There is a certain undeniable literary quality to Elvis’ life, and yet it isn’t mythic to the point of being unrealistic. Elvis is perfectly salt of the earth, vulnerable, perfectly human. There is nothing spectacular about his talents: he doesn’t have the considerable vocal range of an Orbison, the steely charisma of a Cash, the prodigious guitar skill Perkins had or the raw hellfire–with apologies to Nick Tosches–of a Jerry Lee Lewis. None of them, though, were anything of cultural note without Elvis going before them. And Elvis, time and again according to Guralnick, is proven to be perfectly polite, decent, hard-working and successful. The excesses attributed to rock and roll are not present yet (though they were certainly present in the blues, country and yes, even gospel. It’s amazing to think of Jake Hess–yes, that Jake Hess from those cringe-worthy Americana-cum-Evangelical Gaither Homecoming specials–as a controversial, gyrating gospel singer with the Statesmen.)
Presley’s rise to prominence is also a story in which any one of us could be the central character. It’s remarkable enough to be literature, messianic enough to be religious, earnest enough to be American (and I mean that in the most non-pejorative way possible) and familiar enough to be both relatable and attainable. We’ve all been told to let our dreams die, to be content with where we are, to know our role and fall in line. Few of us, though, have had that Sam Phillips character around; the one (or several) who won’t be content until he or she finds that potential and works at us until we are able to articulate something greater: to be the paradigm shift in our own lives. To take even modest amounts of talent and making the whole greater than the sum of its parts. To prove the naysayers wrong, not because they need to be told off, but because we believe we could be more. To say “I don’t sound like nobody,” as innocently as possible. And to be right.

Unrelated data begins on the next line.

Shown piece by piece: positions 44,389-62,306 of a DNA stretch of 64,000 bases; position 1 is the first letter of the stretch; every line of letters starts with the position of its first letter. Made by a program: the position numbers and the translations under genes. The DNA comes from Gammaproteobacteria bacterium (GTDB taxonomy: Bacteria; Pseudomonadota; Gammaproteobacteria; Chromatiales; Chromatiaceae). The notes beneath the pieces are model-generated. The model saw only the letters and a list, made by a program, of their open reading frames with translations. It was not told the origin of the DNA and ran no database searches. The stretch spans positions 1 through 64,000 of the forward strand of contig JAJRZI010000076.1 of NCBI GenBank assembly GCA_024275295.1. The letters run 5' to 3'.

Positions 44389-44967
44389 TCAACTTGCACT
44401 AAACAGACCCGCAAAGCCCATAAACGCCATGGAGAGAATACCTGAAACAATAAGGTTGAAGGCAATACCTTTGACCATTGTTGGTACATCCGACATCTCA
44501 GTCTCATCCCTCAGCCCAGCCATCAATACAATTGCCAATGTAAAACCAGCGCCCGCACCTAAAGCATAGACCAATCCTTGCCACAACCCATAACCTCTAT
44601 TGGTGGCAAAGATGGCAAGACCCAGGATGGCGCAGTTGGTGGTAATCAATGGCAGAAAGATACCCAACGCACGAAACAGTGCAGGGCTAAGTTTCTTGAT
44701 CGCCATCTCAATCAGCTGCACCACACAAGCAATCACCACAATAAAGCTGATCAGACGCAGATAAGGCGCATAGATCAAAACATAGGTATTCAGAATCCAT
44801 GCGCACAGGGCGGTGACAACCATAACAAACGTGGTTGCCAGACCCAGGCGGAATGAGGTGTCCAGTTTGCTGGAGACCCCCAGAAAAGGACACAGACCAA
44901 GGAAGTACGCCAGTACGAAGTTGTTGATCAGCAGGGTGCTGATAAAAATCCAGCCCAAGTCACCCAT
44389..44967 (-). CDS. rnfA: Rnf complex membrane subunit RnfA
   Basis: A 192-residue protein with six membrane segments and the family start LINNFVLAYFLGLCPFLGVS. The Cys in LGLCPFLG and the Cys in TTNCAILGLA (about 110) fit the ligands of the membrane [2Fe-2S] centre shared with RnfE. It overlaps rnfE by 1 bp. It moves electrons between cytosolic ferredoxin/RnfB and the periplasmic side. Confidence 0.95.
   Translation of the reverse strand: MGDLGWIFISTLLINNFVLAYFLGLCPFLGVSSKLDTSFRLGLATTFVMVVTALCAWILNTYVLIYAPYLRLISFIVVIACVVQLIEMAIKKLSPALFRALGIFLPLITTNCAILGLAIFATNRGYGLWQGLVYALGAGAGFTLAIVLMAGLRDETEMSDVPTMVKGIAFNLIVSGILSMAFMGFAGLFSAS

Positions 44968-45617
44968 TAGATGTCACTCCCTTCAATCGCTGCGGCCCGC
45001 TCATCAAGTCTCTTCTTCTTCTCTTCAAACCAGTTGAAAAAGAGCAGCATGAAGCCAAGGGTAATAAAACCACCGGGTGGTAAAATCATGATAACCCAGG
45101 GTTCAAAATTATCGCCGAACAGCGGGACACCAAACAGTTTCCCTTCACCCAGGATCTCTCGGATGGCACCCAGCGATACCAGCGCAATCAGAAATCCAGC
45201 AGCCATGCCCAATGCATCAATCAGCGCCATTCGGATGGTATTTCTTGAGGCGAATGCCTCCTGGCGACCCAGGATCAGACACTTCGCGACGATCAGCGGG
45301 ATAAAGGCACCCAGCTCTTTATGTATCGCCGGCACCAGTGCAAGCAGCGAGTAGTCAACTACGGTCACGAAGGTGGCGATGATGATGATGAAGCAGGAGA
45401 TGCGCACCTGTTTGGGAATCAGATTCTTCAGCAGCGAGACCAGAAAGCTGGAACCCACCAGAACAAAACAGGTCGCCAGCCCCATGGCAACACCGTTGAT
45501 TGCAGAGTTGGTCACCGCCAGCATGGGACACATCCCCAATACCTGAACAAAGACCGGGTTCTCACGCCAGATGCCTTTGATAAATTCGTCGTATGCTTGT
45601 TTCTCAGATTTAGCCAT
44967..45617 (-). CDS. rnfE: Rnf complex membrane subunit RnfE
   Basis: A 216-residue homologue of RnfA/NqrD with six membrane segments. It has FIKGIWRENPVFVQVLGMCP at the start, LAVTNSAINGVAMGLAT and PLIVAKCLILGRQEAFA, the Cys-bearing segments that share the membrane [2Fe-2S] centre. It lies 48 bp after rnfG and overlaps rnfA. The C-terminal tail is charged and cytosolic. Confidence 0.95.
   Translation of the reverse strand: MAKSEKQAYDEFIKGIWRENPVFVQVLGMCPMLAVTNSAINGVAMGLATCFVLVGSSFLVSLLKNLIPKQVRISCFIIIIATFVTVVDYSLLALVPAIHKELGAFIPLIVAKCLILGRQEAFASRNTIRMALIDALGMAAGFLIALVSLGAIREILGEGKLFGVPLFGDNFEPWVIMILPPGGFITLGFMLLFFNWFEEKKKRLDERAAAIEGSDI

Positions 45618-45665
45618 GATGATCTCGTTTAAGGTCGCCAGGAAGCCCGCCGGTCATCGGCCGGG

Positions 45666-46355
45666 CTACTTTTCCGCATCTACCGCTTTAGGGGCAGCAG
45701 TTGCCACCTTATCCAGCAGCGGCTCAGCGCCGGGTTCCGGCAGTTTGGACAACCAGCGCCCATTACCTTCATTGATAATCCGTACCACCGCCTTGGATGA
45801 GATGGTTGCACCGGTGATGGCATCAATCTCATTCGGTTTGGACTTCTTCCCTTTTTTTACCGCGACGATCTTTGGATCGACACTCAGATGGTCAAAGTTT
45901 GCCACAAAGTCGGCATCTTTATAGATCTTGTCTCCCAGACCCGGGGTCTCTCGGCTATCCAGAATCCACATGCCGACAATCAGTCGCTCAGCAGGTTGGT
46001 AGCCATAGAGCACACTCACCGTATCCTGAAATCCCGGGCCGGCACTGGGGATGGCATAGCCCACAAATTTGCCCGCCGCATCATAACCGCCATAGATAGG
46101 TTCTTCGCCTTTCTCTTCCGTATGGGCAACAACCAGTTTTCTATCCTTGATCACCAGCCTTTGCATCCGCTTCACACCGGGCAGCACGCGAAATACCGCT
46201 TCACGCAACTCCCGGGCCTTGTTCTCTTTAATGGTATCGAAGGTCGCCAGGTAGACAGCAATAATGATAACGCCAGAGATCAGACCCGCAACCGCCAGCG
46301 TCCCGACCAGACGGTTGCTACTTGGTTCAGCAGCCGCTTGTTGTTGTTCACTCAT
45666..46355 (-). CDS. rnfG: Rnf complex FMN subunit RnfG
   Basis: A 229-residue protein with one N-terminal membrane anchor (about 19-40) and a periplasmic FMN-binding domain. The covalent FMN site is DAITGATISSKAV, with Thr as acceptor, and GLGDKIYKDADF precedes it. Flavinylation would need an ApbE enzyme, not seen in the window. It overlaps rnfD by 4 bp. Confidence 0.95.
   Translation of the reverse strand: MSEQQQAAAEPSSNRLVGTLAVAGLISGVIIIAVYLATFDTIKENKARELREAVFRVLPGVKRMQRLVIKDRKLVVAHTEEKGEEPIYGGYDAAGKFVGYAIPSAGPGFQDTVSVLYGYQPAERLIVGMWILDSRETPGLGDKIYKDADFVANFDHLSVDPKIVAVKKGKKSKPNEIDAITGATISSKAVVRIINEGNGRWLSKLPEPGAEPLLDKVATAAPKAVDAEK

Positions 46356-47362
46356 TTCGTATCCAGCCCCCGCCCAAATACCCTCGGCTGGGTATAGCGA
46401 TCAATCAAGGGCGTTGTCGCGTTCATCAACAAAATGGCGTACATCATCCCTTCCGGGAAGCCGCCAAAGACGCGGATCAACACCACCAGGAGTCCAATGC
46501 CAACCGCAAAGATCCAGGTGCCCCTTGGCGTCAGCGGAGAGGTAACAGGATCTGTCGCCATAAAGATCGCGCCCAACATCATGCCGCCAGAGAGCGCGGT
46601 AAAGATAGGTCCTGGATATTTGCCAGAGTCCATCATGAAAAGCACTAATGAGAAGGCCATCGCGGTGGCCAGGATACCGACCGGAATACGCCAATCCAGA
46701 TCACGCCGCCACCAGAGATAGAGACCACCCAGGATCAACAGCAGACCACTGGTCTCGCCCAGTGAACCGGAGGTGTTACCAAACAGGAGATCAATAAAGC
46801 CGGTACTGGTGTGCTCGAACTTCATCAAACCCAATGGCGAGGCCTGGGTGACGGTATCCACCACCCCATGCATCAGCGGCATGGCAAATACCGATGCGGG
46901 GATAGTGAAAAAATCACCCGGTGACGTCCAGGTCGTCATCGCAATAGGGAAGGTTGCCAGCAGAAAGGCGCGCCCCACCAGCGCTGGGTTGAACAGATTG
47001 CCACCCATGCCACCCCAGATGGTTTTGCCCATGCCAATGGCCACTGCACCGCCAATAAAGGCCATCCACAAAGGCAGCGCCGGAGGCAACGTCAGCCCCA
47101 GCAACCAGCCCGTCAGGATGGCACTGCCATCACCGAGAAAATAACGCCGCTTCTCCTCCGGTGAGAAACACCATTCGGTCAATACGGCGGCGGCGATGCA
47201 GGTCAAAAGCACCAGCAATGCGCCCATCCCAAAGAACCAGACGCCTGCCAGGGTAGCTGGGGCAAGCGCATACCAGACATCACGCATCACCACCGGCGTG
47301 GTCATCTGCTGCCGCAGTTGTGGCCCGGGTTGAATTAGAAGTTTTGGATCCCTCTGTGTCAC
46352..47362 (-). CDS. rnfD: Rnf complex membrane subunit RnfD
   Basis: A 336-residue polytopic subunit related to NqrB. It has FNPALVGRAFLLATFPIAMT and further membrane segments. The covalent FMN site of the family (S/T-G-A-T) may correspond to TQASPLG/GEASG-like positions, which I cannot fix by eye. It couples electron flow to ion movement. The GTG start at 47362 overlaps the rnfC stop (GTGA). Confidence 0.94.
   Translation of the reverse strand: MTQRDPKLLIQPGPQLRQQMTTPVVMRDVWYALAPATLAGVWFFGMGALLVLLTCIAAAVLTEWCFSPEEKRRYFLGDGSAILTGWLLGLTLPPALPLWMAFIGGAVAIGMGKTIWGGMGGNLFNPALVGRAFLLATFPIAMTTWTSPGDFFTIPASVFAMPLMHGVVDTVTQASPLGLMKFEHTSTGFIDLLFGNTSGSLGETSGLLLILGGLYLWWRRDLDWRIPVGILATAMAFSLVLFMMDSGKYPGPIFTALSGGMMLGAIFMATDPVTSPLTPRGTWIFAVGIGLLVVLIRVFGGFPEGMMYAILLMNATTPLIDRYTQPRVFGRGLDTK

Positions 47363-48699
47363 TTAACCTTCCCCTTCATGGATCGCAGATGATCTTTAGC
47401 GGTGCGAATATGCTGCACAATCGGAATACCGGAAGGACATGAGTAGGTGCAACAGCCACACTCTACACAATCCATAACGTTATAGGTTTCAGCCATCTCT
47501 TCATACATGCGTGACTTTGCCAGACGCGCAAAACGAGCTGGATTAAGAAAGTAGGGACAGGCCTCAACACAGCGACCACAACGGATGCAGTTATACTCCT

Yes, Elvis destroyed himself through bad business deals, bad management, bad spending and dietary habits. But there was something there to be destroyed–something deemed worth destroying, perhaps–in the first place. Irrelevance is always preceded by relevance. Most of us will never attain a fraction of what Elvis did from 1954-1958. Yet we’ll always troll a falling star, because we envy success while, at the same time feel justified in our own misery in deriving satisfaction from watching someone famous crash and burn. (Miley Cyrus comes to mind, though, I don’t think I’ll be having coffee with her any time in the future.)
It’s easy to write off Elvis Presley because, at the end, he was a shell of the man who held America captive and changed popular music forever. To negotiate with his life’s work prior to his downfall, though, is to realize just how meaningless our lives tend to be, a revelation of just how much potential we let others destroy or allow ourselves to squander. His narrative is as much about us as it will ever be about him. That’s not exactly a comforting fact.
Then again, the prophetic seldom is.